As for graduation rates, CU Boulder can no longer be considered to be a "four year college." CU Boulder's four year graduation rate is below 50% (CU Graduation Rates). CU is in fact struggling to become even a marginally "six year college." The Boulder chancellor has set a goal of a six year graduation rate of 80% in 2020 (Student Success).

CU 4-Year Graduation Rates

Source: University of Colorado System Office, Office of Institutional Research

CU Boulder can no longer be considered to be a 4-year college
CU Boulder is struggling to become a marginally 6-year college

The implications for students of CU Boulder no longer being a four year college are large, yet there is no mention or discussion of this issue in the evaluation.

There are no financial statements included in the evaluation to indicate the direction and current status of the university's financial condition, a central responsibility of the president. The finance section of the evaluation (Key Successes, 3. Finance, Comprehensive Evaluation p. 7, document p. 14) is based largely on anecdotal information, not on systematic or comprehensive data.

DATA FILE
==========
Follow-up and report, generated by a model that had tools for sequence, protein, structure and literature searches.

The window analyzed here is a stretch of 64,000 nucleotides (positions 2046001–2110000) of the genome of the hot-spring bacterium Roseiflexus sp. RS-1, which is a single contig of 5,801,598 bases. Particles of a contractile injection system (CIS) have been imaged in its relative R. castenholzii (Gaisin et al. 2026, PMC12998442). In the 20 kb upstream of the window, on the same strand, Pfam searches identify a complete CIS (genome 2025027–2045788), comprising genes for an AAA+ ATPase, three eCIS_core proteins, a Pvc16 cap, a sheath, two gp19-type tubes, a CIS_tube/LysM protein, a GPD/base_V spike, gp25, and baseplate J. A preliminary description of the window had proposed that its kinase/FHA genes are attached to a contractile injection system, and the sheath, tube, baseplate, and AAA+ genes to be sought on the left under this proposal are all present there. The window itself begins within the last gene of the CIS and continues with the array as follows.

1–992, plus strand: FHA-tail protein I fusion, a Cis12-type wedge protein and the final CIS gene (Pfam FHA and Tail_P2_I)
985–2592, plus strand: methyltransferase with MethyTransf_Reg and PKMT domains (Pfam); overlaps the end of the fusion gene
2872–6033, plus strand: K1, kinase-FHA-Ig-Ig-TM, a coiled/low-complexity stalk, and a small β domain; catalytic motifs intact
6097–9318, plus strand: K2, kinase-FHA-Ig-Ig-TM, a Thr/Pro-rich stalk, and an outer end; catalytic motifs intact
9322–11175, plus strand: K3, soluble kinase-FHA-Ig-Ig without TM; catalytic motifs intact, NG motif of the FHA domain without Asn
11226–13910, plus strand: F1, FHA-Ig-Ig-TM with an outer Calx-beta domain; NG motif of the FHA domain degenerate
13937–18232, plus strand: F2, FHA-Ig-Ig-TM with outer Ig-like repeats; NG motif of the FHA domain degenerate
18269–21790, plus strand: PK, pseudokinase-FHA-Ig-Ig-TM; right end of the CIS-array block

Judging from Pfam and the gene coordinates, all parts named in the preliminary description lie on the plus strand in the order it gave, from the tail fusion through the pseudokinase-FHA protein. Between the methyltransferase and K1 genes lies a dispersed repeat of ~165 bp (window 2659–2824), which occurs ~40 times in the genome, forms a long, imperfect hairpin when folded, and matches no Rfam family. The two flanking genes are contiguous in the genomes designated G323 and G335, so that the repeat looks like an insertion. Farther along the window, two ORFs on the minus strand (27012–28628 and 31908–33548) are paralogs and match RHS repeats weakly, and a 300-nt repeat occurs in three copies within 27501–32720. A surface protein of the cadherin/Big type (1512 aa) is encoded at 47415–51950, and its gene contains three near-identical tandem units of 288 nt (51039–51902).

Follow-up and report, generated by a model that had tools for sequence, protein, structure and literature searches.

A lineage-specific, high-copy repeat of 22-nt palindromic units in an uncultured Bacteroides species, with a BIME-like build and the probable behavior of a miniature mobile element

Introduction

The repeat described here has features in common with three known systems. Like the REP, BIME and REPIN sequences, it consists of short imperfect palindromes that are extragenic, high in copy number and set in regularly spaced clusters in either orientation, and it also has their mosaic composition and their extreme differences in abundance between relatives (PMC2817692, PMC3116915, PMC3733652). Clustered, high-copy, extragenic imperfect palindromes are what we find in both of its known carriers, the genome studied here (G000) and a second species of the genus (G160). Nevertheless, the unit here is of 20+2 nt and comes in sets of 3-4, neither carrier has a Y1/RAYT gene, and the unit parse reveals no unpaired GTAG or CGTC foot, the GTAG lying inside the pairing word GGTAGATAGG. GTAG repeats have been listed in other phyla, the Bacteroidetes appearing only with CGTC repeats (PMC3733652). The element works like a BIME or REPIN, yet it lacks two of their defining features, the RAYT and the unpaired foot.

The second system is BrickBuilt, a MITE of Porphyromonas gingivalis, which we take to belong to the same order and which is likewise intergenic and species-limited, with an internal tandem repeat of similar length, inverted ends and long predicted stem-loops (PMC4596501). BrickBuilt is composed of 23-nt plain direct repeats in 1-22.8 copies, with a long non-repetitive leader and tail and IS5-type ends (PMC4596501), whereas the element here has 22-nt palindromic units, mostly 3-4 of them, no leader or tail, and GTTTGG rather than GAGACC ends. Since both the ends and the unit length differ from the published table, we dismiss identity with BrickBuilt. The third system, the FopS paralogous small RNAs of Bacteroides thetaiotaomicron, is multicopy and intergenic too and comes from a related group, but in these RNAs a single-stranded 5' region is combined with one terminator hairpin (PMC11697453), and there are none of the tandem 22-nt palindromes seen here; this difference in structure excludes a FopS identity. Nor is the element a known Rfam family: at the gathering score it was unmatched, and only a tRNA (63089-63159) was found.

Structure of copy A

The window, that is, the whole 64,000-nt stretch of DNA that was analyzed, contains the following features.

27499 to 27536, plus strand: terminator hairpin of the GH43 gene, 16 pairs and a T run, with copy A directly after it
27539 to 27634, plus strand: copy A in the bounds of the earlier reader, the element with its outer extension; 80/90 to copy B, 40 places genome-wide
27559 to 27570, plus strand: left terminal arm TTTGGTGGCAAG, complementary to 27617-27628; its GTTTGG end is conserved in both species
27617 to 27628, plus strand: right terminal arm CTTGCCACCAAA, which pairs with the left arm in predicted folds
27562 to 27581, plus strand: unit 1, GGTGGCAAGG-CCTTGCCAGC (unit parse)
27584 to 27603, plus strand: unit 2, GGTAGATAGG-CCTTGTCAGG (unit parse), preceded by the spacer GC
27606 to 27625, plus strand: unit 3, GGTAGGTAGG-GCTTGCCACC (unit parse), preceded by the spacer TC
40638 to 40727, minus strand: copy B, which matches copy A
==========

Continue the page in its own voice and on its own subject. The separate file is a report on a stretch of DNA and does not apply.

The president also controls a large President's Initiative Fund, and apparently also makes private donations to the university. There is no information in the evaluation regarding any of these financial transactions.

The actions of a publicly-appointed head of a public institution in making personal and secret financial contributions to the institution raises substantive questions of institutional transparency and accountability.

The lack of any attention in the evaluation to these core matters of presidential responsibility renders the actions of the chief executive officer of the university in large part unaccountable to the regents.
Response to this article from the Chair of the Board of Regents, Irene Griego (November 14, 2016):